|Rick Santorum by Gage Skidmore|
During that last few days, columns by conservative pundits have appeared basically making the case that Rick Santorum is just too extreme in his social views to be viable in the general election.
This was always going to be tricky for individuals that built their political careers by convincing religious voters that a vote for Democrats means the end of morality in the United States. Also tricky for conservative pundits, writers who sold millions of books to values voters making the case that Democrats, liberals, progressives are not "real" Americans. Books advocating bringing back an America of a different time when children were allowed to pray in public schools, sex was approved only within the bonds of marriage and abortion was illegal.
"Santorum is a good man. He’s just a good man in the wrong century." declares Kathleen Parker. But is Santorum or the GOP in the wrong century? The reality is that Santorum's positions on social issues are the right in line with the Republican Party Platform. As a matter of fact, they are no different that Mitt Romney's current positions on social issues. The only difference is that Santorum believes in his stances and Romney is perceived as going through the motions in an effort to get the GOP nomination.
Dorothy Rabinowitz writes in the Wall Street Journal that Santorum's attitude towards separation of church and state "... isn't something the citizenry tends to find endearing." I happen to think that Ms. Rabinowitz is correct in her conclusion. However, Santorum's view is widely shared among GOP grassroots activists. The GOP platform states "We affirm every citizen’s right to apply religious values to public policy..." Kennedy's attitude that religion is a private matter and should have no influence on public policy isn't something the GOP base finds endearing.
It is simply amusing to watch GOP establishment figures fret over Santorum's assertion that birth control "... it's a license to do things in a sexual realm that is contrary to how things are supposed to be." Where were they when Republicans promoted abstinence only programs because comprehensive sex education was seen as a tacit approval for licentious behavior? Let's face it. Culture wars have been the bread and butter of Republican politics for decades. Feigning shock is not going to change reality.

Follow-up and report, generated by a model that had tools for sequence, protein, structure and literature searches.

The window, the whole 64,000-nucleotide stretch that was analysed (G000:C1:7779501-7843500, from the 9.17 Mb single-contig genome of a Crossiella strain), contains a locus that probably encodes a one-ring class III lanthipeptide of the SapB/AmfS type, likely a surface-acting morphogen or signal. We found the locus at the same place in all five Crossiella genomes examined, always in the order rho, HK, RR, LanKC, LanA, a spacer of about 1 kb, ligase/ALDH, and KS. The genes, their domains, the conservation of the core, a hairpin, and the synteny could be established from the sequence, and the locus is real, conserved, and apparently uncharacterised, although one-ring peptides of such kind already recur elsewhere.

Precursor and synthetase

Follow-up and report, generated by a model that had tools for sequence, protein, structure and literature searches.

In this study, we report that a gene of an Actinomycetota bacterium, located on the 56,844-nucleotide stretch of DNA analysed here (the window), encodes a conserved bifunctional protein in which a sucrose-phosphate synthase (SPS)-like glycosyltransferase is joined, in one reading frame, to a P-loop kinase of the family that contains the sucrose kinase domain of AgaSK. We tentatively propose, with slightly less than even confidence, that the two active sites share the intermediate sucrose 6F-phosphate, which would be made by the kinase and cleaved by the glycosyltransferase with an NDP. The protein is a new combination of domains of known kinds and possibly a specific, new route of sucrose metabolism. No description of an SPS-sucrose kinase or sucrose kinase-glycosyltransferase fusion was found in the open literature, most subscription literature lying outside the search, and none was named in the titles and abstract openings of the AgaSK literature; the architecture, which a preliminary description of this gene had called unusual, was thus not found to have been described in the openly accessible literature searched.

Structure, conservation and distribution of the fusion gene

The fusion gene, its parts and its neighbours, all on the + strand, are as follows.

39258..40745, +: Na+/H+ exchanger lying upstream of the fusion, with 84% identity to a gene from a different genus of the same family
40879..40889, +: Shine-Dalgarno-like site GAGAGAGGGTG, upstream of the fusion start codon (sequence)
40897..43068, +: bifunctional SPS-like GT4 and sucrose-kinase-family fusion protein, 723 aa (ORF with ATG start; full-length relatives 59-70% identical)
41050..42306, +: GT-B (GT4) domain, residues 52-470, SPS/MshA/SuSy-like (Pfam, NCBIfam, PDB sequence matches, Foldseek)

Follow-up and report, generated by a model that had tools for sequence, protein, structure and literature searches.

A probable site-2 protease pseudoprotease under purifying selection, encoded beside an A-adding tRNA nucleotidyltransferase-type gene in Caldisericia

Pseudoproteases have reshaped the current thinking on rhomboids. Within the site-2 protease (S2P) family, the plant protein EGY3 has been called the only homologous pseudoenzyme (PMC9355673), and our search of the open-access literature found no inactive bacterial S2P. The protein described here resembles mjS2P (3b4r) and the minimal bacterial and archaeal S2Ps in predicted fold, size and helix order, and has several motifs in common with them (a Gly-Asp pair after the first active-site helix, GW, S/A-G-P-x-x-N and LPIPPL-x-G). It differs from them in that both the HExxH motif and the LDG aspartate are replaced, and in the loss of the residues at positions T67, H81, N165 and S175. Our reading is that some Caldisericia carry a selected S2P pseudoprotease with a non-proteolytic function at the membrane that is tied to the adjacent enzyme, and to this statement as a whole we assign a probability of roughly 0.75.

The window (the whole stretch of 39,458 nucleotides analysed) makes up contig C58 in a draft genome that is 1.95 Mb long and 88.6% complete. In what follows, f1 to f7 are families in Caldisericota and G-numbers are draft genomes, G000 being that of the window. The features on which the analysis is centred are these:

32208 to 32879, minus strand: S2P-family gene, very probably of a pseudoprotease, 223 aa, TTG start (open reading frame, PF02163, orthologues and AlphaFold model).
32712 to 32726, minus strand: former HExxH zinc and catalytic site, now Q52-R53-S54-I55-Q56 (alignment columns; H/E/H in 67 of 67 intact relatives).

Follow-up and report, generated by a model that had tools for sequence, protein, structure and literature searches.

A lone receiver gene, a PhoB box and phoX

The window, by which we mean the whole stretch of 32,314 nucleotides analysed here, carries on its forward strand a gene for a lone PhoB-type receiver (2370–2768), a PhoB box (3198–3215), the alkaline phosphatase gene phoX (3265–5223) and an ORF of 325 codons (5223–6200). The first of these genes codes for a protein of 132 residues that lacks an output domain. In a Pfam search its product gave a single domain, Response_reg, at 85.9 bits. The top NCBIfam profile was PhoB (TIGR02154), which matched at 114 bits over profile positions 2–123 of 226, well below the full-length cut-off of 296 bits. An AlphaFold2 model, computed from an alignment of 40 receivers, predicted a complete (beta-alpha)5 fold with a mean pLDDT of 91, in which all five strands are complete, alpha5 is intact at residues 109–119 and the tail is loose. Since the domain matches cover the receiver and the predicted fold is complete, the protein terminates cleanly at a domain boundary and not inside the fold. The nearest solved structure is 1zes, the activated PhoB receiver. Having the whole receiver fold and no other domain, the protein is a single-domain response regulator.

And why shouldn't social conservatives have their dream candidate? Parker and Rabinowitz would say because Santorum is too conservative to win. But have the moderates fared any better? Do they remember Dole and McCain? George W. Bush lost the popular vote in 2000 and was able to make it across the finish line because of few military votes in Florida and a controversial Supreme Court decision. Yes, he did win re-election but the memory of 9/11 was still fresh and the Democrats decided to be tactical in their selection of a nominee.
There is no question that Santorum would offer a stark contrast to Barack Obama on just about every policy front. When it comes to TARP and the auto bailout, Santorum has a solid record of opposing them. He can credibly take on Obamacare. And on social issues Santorum offers the opportunity to have a national conversation about the role of religion in politics, birth control, whether we have constitutional right to privacy, abortion, definition of family. More importantly, a Santorum nomination will provide the GOP an opportunity to find out whether its social agenda belongs in the past.